The city of Millington, Tenn., joined by the National Rural Water Association, alleged in a complaint Tuesday that the companies developed, marketed, and sold chemicals known as per- and polyfluoroalkyl substances, or PFAS, despite knowing about the environmental and health risks they posed.

Earthquake Risk Prompts Order to Drain California Dam

Worried that an earthquake could collapse a big dam south of San Francisco, officials have ordered its reservoir to be completely drained by October to reduce the risk of floodwaters spilling into Silicon Valley.

The 240-foot (73-meter) high earthen Anderson Dam, built in 1950 between San Jose and the community of Morgan Hill, poses too great a risk of collapse and must be fully drained by Oct. 1, according to the Federal Energy Regulatory Commission, which regulates dams, the Mercury News reported.

Tree Nut Growers More Likely to use Drought Assistance

Tree nut growers are 23% more likely than other farmers to take advantage of drought assistance, even if it costs them more money in the short term, according to a university study.

Growers of nuts – particularly almonds – place a higher dollar value on USDA monetary and technical aid and are willing to take an over $7,000 loss in a season or two to protect their long-term investments, according to research from California State University, Fresno.

Whereas a row crop grower can limit planting in years when he or she can’t get much water, a tree farmer must still keep the trees alive and productive, noted Todd Lone, a professor in Fresno State’s Department of Agricultural Business.

California Water Debate Heads to Court After Trump Joins Discussion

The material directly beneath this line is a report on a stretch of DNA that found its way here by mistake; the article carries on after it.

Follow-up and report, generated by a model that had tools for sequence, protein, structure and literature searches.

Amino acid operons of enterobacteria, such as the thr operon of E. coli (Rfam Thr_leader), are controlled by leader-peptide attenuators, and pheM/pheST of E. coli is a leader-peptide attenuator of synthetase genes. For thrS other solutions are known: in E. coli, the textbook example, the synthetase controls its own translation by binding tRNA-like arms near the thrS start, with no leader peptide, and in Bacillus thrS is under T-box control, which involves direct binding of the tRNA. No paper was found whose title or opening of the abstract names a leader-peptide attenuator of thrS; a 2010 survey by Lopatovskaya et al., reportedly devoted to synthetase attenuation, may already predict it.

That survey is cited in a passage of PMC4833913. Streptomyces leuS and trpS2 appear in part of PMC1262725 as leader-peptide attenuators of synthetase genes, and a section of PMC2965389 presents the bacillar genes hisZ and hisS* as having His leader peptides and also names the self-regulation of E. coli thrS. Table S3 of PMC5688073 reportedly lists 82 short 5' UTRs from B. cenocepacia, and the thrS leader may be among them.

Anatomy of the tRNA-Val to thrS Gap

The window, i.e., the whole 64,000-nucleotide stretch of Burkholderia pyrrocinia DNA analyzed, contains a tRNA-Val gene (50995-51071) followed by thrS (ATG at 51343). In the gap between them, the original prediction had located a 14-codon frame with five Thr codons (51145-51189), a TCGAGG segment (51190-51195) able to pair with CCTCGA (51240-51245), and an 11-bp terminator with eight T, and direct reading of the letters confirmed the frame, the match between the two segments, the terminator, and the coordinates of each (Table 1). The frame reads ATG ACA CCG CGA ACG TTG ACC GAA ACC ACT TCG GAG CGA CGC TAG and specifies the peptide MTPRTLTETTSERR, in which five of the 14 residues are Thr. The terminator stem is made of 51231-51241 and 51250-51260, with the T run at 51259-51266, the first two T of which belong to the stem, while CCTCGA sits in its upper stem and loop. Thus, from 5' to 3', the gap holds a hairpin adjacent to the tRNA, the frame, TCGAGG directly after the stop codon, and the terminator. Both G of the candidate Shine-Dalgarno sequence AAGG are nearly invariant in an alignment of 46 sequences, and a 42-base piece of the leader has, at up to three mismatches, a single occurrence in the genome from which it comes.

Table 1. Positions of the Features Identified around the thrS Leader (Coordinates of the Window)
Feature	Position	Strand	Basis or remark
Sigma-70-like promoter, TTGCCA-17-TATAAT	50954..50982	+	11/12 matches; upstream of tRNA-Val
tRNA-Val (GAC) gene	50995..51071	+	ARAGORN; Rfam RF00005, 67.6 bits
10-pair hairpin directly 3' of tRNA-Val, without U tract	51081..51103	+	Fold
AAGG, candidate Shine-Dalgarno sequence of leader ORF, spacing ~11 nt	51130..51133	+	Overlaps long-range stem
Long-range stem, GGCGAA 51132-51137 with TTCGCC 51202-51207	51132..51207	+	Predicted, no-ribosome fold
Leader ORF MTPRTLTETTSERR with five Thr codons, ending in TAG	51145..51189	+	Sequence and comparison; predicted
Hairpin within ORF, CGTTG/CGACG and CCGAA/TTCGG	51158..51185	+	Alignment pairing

Last week, President Trump inserted himself directly in a decades-long internal water battle between Northern and Southern California.

Now, the debate is heading to court.

“I’m very disappointed the Governor decided to sue. We’ve been working very closely with the State of California,” Reclamation Commissioner Brenda Burman said.

After years on the sidelines, the Bureau of Reclamation Commissioner Brenda Burman says new federal plans to divert water from the delta region in Northern California to farms in the southern part of the state will bring water where it’s needed most.

Dozens of High-Risk Bay Area Dams Lack Required Emergency Plans

The Bay Area is dotted with at least 145 dams where failure or misoperation could result in death or property destruction, yet many lack required emergency plans, according to an analysis of state data.

Most of these “high-hazard” dams were built before 1960. While not at a higher risk of failure, they could endanger countless homes and businesses that rest below the aging facilities, making emergency planning and maintenance increasingly important, experts said.

California Fails to Test 1.4 Million Children for Potential Lead Poisoning

A recent report by the California State Auditor revealed lead poisoning remains a big threat to children. It said California is failing when it comes to testing children who are most at risk.

Lead poisoning is known as the silent epidemic. There are typically no symptoms and it can cause irreversible damage to a child’s developing brain.

A startling number of kids are slipping through the cracks when it comes to testing, according to statistics released in the report.